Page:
MOVIES | Talking with “Icons Among Us” producer John Comerford


Throughout the week, the Daily Planet will feature audio interviews with filmmakers discussing their films in this year’s Sound Unseen Film Festival. The festival, which runs through Sunday and typically features films with a music theme, is in its 10th year. Make sure to check out the festival Web site to purchase tickets, view trailers and information for all the films, and explore what this cultural event is all about.

All the interviews were conducted over the phone and recorded on my computer. In this entry in the series, I speak with John Comerford, producer of the in-depth and engaging jazz documentary Icons Among Us: Jazz in the Present Tense. (Click on the icon at the bottom of this story to listen.) Check out the film’s Web site for more information. Icons Among Us screens this Friday (October 2) at 7:15 p.m. at the Oak Street Cinema.

The official plot synopsis (by way of the press notes) of Icons Among Us reads:

By combining rare archival stills, interviews with 75 jazz artists and live recordings culled from 25 hours of concerts, Icons Among Us is a dynamic and engaging document of many of the greatest jazz musicians of today. Capturing the spontaneity of performers who have an intimate knowledge of their instruments and a full knowledge of jazz history, the movie (created from four episodes of a cable and satellite TV series) shows how something like the same riff can become something completely different in the hands of different musicians. The dialogue between older and younger generations of music takes place with words, but also with music. Anyone from diehard fans to interested novices and those interested in the origins of creativity will find something to take home with them. Like the music itself, Icons Among Us is fresh and constantly surprising, with a spirit and energy that innovates even as it recycles. Icons Among Us features unique interviews and exclusive performances from Terence Blanchard, Medeski, Martin & Wood, the Bad Plus (with Happy Apple drummer Dave King), Ravi Coltrane, Dirty Dozen Brass Band, and many others.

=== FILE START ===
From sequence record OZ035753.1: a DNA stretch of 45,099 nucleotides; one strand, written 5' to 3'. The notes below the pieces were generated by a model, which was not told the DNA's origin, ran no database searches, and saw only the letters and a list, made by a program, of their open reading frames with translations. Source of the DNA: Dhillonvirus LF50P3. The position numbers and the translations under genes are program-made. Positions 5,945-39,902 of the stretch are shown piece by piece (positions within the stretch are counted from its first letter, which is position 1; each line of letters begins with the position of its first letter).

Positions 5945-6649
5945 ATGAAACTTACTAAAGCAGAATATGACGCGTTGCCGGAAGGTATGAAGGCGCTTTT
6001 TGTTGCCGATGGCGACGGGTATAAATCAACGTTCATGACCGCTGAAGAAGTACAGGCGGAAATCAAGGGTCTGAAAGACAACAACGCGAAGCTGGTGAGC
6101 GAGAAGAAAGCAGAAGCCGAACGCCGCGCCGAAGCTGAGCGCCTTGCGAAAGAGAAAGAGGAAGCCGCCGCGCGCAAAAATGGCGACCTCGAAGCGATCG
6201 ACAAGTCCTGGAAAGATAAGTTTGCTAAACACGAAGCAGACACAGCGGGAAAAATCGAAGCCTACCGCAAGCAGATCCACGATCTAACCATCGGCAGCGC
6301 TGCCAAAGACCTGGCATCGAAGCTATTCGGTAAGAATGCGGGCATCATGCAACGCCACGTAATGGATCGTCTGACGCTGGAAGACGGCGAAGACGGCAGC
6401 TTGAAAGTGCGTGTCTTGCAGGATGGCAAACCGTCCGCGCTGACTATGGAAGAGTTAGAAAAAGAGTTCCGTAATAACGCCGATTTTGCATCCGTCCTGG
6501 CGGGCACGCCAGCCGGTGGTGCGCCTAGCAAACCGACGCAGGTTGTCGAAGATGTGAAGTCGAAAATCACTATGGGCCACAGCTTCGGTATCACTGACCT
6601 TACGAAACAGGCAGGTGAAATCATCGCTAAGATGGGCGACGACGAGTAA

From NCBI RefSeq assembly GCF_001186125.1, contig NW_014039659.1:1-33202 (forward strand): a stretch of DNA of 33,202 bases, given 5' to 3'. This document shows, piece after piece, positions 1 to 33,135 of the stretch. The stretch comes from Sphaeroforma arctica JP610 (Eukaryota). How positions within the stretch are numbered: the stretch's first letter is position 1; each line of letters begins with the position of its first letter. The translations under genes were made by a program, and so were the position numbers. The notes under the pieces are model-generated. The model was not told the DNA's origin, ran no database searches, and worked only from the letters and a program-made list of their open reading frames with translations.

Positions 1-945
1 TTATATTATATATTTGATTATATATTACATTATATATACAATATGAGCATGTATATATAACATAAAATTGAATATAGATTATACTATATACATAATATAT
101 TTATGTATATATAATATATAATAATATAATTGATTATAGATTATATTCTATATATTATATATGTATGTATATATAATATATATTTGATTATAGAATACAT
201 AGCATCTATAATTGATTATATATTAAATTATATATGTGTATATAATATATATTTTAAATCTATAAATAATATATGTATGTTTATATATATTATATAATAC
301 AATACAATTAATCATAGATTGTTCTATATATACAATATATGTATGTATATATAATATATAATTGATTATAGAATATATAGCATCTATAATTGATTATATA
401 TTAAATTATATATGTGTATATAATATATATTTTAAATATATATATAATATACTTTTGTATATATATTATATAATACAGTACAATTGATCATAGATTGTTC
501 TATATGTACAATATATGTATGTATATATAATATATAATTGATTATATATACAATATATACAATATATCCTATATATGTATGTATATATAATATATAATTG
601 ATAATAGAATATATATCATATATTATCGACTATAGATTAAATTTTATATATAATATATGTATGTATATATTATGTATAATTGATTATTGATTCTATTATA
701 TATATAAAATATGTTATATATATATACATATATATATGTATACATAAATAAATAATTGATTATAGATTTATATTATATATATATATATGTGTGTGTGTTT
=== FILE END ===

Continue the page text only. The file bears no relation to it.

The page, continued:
I begin every interview with the same question. Having seen nearly all the films in this year’s Sound Unseen Festival, a clear theme emerged. These are stories about people pursuing their dreams, consequneces be damned. So I lead off asking the filmmaker about this theme as it pertains to their film.

Erik McClanahan ( is a freelance film journalist and critic in Minneapolis. He is also co-host of KFAI’s Movie Talk.

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